MSE News

'Real living wage' to rise to £9 an hour

Around 180,000 workers employed by firms which offer the 'real living wage' will see their pay increase by 25p an hour, or 30p an hour in London. 

The real living wage is calculated by the Living Wage Foundation charity, based on what it believes people need to live in the UK. It's separate to the national minimum wage, which is a legal minimum rate set by the Government, and will also be rising next April.

The real living wage is to rise from £8.75 to £9 an hour, while the London rate will be rising from £10.20 to £10.55 an hour – a pay rise of 2.9%, and 3.4% for London workers.

Employers who already offer the real living wage will have until May 2019 to bring in the pay rise, though many are expected to do it immediately – employers who sign up to the scheme from today will need to pay all directly employed workers at least £9 an hour straight away. 

The Living Wage Foundation says the wage is going up due to hikes in council tax and transport and rent costs. The higher London rate reflects the increased costs of living in the capital.

What is the real living wage?

Employers can voluntarily sign up to become living wage-accredited, meaning they pay all their workers at least the real living wage.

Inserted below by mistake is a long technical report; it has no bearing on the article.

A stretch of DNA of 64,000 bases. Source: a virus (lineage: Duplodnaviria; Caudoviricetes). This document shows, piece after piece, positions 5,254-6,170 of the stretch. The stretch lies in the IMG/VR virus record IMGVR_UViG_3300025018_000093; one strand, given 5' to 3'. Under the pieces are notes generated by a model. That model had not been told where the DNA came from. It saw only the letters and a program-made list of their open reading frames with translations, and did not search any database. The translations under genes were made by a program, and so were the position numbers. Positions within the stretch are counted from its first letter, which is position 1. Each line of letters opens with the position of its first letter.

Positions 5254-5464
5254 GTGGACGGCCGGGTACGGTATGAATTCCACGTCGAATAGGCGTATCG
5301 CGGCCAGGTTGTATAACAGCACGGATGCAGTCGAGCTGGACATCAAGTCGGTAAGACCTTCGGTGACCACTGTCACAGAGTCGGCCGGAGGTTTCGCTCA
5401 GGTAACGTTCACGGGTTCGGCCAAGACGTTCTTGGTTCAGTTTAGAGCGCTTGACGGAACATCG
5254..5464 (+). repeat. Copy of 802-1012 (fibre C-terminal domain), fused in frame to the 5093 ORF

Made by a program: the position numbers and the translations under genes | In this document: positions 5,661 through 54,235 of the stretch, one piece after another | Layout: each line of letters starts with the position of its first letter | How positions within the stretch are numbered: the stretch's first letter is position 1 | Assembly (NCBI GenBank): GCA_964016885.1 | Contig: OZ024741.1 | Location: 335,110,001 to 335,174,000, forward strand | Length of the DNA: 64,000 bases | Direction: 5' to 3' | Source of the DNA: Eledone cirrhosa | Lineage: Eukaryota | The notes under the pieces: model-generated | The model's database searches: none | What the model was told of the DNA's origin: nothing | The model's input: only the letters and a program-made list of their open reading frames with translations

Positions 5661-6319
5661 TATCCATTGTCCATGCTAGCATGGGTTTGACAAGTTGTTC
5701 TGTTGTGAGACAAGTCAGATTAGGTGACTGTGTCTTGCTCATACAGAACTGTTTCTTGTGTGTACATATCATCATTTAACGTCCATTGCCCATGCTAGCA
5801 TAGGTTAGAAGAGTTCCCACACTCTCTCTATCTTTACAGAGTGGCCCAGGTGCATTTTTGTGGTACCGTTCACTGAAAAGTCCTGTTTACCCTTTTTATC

Over 4,700 employers have signed up, including 1,200 in the last year alone. However, there are still many who haven't – research from accountancy firm KPMG published yesterday found over a fifth of jobs pay less than the real living wage.

Here's how the real living wage compares to the national minimum rates set by the Government:

How minimum and living wages compare (hourly rates)

TABLE_CELL_STYLE Real living wage Real living wage (in London) National living wage (1) National minimum wage (2)
Ages All All 25+ 21-24 18-20 Under 18 Apprentice
Current rate £8.75 £10.20 £7.83 £7.38 £5.90 £4.20 £3.70
New rate (2) £9 £10.55 £8.21 £7.70 £6.15 £4.35 £3.90

(1) The Government calls the minimum wage for over 24’s the ‘national living wage’. We don’t use that term, as it is not based on assessment of the cost of living. See our National minimum wage guide for more. (2) From April 2019 for the national living wage and minimum wages, and May 2019 for the real living wage (although many employers could raise it sooner).

What does the Living Wage Foundation say?

Living Wage Foundation director Tess Janning said: "The Living Wage campaign is about tackling the rising problem of people paid less than they need to live.

"Responsible businesses know that the Government minimum is not enough to live on, and today's new living wage rates will provide a boost for hundreds of thousands of workers throughout the UK.

"Employers that pay the real living wage enable their workers to live a life of dignity, supporting them to pay off debts and meet the pressures of rising bills.

"We want to see local councils, universities, football clubs, bus companies and the other major public and private sector employers in every city commit to become real living wage employers. When they do, thousands of people get a pay rise, but other local employers also follow their lead. If more of these institutions step up, we can start to build true living wage places."

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